On The Need For A New Popular Monster

>First, it was vampires, everywhere ― in books, in movies, on television, in the cellar, and so on. Then it was zombies, and perhaps it still is.

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On The Need For A New Popular Monster

First, it was vampires, everywhere ― in books, in movies, on television, in the cellar, and so on. Then it was zombies, and perhaps it still is.

I’m tired of them. I think it’s time for a new immensely popular horrific creature.

Of course, it will have to be a dead, partially dead, or oddly transformed human. It is the human element that makes a monster appealing. Something that is one hundred percent monster ― an ogre, a goblin, or a basilisk ― just won’t do.

A ghost, for all of its irregularities (the washed-out appearance, the walking through walls, the moaning), was once one of us. The werewolf, after its full-moon ravagings, returns to human form and feels remorse for ― or perhaps has fond memories of ― its carnage. Victor Frankenstein’s creation was stitched together from parts of formerly alive people, perhaps your great, great, great, great, great aunt or uncle.

I suggest that the next popular monster should be the swistenk.

Swistenks are humans who have spent too much time following politics.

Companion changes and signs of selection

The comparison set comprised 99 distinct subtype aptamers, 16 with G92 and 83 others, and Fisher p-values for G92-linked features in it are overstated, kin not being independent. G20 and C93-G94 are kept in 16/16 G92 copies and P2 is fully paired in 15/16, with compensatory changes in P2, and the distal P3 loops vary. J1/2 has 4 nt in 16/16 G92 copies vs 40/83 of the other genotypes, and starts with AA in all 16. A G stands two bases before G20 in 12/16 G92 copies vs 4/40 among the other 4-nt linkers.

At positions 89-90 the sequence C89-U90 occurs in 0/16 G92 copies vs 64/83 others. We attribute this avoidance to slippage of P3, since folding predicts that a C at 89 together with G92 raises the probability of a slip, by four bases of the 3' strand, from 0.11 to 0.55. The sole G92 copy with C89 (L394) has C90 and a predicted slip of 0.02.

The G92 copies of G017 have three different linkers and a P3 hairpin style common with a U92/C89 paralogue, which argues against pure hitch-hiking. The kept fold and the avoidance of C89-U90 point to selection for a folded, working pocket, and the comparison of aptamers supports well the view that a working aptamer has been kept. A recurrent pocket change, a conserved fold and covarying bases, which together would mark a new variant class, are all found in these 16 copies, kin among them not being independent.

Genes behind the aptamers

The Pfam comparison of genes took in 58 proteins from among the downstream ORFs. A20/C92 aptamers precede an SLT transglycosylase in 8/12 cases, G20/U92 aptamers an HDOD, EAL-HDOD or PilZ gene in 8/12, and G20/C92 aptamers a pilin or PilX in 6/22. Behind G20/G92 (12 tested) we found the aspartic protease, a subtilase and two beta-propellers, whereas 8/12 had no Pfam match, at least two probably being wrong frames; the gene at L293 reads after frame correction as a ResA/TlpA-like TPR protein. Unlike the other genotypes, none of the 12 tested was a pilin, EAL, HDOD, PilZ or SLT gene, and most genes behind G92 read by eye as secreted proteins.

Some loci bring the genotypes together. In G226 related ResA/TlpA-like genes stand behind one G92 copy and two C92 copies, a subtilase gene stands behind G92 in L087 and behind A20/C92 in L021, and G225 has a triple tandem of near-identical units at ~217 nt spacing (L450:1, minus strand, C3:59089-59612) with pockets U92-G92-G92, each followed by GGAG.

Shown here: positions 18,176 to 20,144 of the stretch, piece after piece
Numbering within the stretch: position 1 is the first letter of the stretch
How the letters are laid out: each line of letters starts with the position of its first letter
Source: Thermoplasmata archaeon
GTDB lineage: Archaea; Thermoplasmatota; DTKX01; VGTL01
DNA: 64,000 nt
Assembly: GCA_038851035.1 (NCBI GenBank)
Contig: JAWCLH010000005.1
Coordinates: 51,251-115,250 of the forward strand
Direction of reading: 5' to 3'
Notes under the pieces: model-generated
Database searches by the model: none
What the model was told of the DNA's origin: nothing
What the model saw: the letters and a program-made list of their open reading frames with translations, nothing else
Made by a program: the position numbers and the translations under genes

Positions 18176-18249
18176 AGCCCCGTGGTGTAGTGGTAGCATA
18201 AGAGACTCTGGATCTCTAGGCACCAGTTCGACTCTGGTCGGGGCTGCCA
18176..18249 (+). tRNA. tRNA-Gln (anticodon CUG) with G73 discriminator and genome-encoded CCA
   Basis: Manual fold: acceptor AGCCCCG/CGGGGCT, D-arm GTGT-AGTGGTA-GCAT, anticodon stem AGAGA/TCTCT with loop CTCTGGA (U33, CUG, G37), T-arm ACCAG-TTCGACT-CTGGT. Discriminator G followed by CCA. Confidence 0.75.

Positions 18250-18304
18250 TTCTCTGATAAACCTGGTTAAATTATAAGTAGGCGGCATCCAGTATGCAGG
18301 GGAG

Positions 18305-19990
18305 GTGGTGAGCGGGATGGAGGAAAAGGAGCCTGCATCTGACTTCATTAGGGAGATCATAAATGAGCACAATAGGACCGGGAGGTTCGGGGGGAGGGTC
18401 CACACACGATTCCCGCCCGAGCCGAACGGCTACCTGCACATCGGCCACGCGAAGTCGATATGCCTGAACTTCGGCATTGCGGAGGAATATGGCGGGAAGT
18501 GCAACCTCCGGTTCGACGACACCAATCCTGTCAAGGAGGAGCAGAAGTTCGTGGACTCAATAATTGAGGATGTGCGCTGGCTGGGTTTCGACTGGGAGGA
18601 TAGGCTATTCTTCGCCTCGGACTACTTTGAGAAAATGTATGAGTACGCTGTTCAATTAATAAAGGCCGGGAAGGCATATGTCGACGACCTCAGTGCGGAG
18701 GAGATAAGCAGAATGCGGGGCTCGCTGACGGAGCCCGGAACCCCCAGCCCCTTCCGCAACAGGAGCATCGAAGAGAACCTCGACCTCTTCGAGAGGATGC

It begins with excessive attention to political writings and current events, in newspapers and magazines, on television, and on the radio. They then move on to blogs, strident, fact-filled, and incomprehensible to most people. Then they discover Twitter, and their transformation is near complete.

Friends try to warn them, but it is no use. And then friends shun them, for the near-swistenk talks of nothing but politics, politics, politics.

With no one left to talk to, they tweet incessantly, at the dinner table, in the bedroom, travelling, shopping, working…

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When they are let go from their jobs, as they must be, they quickly become bitter and vilely tempered. They are now full swistenks, with glazed and inward-looking eyes, no manners, and poor hygiene.

They wander the streets, haranguing strangers about the BNA Act, prorogation, and the urgent need for reform.

They make prank phone calls, asking people to name their favourite Prime Minister ― Tupper, Bowell, or Campbell?

Their victims are left drained, apathetic, uninterested in life.

Unlike vampires, swistenks come out only in the daytime. Darkness confuses them, as does rhythmic music and the colour yellow.

Beware the swistenk. Remember ― you heard it here first.

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